The final sign of a project in need of rescue is if you are experiencing problems with your project faster than you can solve them. Issues within an IT project are inevitable, but it becomes especially concerning when problems are arising at a rate faster than can be resolved. 

If this is the case, it’s likely that your project will quickly fall behind, resulting in overtime work and missed deadlines. At times, the only way to resolve this is to put the project on hold in an attempt to get the project back on track. 

 

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Rescue or Abandon? 

 

Once you have identified your project as at-risk of failing, it can be challenging to determine the next step. While you may hope to pull together what you have and present it as a work-in-progress, this will not please management or customers. As such, you have three options if your project has already or will likely fail:

  • Continue working and attempt to save the project.
  • Start the project over entirely.
  • Shut down and abandon the project.

Each option has different consequences for the project, but all result in a missed deadline and wasted time and funding towards the project. Significant considerations should include the magnitude of the project, the impact of the project, and the motivation and possibility of recovery. 

That being said, if the additional costs of rescuing the project are less than the cost of abandoning it altogether, it is worth saving. If this is the case, here are some tips on how you can rescue an IT project in need.

 

How to Rescue a Project in Trouble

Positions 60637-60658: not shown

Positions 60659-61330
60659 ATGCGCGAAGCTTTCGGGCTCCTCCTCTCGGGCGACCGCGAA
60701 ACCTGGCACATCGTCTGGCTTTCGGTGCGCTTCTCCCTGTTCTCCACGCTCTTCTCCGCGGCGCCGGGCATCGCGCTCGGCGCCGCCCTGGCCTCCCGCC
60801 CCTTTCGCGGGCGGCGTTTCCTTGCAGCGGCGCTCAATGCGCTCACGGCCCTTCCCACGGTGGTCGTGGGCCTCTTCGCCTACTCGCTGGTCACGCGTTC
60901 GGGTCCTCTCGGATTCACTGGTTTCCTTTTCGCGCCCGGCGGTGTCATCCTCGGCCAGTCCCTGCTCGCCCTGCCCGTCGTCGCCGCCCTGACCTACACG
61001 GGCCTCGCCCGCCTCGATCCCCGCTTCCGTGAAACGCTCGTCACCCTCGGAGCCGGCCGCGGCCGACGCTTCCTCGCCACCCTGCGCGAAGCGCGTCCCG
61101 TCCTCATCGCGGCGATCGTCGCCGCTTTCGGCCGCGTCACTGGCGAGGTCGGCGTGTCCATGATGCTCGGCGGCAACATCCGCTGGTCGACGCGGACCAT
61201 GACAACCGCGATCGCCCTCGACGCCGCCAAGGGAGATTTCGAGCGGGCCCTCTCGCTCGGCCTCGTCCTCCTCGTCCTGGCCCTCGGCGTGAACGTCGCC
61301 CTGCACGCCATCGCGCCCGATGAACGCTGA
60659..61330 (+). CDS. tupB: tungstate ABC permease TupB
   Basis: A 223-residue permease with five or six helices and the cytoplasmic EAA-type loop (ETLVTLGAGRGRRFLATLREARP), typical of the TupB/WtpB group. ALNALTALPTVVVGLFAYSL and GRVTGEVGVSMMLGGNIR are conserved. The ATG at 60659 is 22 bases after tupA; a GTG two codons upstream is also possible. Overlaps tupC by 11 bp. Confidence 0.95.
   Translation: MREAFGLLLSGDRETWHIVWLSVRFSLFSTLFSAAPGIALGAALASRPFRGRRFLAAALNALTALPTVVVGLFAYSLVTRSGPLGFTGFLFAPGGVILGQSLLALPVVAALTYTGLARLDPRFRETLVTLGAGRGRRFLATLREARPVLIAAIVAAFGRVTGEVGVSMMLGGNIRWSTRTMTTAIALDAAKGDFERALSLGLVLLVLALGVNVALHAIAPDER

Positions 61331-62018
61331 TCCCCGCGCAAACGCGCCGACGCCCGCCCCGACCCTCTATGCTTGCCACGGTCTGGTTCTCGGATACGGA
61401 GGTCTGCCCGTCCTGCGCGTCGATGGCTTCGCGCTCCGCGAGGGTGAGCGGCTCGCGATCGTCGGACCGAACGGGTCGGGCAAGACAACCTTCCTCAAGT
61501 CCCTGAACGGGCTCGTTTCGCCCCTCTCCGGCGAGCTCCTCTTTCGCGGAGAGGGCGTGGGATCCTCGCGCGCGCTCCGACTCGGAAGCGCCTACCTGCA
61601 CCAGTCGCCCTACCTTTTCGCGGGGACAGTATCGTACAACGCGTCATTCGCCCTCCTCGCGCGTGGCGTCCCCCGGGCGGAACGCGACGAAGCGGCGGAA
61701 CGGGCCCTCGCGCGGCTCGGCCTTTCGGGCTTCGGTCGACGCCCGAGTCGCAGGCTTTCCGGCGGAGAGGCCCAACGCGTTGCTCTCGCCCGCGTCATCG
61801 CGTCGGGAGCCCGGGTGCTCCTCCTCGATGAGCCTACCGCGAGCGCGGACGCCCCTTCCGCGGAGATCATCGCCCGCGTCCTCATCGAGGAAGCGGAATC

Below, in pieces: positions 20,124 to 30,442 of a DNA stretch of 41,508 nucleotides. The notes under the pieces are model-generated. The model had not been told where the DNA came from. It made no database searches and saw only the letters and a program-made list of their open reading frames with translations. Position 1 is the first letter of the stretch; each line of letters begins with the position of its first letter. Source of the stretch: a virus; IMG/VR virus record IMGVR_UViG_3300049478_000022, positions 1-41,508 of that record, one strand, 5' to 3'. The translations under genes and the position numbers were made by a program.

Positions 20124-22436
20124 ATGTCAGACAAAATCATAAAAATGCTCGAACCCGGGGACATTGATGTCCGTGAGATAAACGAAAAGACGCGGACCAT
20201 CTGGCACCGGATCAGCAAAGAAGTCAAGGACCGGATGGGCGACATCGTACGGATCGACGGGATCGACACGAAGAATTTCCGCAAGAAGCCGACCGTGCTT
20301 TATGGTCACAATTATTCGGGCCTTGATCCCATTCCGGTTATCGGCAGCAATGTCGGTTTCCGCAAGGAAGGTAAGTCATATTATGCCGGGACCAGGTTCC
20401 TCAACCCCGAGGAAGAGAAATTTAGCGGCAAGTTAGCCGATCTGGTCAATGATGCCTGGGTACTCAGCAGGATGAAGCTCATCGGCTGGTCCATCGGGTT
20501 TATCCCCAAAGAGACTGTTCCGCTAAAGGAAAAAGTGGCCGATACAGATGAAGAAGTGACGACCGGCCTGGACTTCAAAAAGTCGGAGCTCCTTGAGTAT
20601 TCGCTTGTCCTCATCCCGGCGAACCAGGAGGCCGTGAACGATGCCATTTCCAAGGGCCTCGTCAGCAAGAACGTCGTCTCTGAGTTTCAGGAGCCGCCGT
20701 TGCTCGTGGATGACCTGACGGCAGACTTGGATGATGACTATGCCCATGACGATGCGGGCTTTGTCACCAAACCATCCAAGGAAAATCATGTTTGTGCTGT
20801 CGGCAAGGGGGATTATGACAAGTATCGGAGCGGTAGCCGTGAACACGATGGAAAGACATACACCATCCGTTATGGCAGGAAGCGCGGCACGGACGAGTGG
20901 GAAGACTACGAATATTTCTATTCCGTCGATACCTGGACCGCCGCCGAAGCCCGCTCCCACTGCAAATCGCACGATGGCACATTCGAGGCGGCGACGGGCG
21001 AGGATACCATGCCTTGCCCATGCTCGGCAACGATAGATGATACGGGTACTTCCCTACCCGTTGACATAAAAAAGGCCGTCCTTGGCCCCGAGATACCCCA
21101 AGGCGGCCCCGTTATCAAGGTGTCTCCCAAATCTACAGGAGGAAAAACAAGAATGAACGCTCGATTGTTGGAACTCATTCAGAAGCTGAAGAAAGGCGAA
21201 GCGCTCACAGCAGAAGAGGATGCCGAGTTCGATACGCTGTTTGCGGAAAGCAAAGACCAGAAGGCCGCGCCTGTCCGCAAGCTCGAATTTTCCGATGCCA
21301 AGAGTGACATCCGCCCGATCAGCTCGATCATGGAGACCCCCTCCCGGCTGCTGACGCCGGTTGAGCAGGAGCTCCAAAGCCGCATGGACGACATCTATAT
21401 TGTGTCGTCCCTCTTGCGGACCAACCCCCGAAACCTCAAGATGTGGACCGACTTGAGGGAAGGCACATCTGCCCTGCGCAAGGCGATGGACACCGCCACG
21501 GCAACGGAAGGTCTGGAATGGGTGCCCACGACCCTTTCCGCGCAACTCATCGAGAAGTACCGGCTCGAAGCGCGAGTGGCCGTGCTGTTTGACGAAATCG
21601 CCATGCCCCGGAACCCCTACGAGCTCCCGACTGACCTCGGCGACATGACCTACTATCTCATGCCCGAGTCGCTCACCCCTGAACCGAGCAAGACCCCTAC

The first step to rescuing a project in trouble is to perform a project assessment. This assessment requires carefully scrutinizing all project aspects, including the project’s performance, deliverables, issues, and overall condition. Once the assessment is complete, you should determine what needs to be changed to save the project, whether it be team members, processes, products, resources, schedule, or any other applicable factor. 

Regardless of what issues were identified and alterations made as a result, there must be a redefinition of the project plan. The new project plan should include new and realistic:

  • Scope
  • Objectives
  • Profits
  • Milestones
  • Deadlines
  • Metrics

The intention of the newly defined project plan should be to correct previous issues and restore confidence in the project. In addition to this, additional approaches to project recovery often include:

  • Mending communication and management conflicts.
  • Solving technical problems.
  • Allocating additional resources.
  • Potentially replacing a project manager. 

Regardless of the methods you choose for project rescue, the primary goal should be to eliminate the root cause of failure and prevent it from occurring again. Again, it is important to remember that while project failure is disappointing and costly, it is not rare. Still, by identifying the signs of a project in trouble, you may be able to rescue your project before it is unsalvageable, saving the further waste of time, money, and resources.

 

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Tags: Project Management

Frederid Palacios

Written by Frederid Palacios

Fred Palacios is a seasoned software architect with more than 20 years of experience participating in the entire software development cycle across a host of different industries--from automotive and services to petroleum, financial, and supply chain. In that time, his experience working closely with high-level stakeholders has provided him with a strategic vision for developing the right solutions to flexibly meet critical business needs. As CTO of Intertec, he's continuing to focus on the creation of business-critical applications for large enterprise projects, particularly those that handle high concurrency and large datasets. He is passionate about using technology as a tool to solve real-world problems and also mentoring technical teams to achieve their maximum potential and deliver quality software.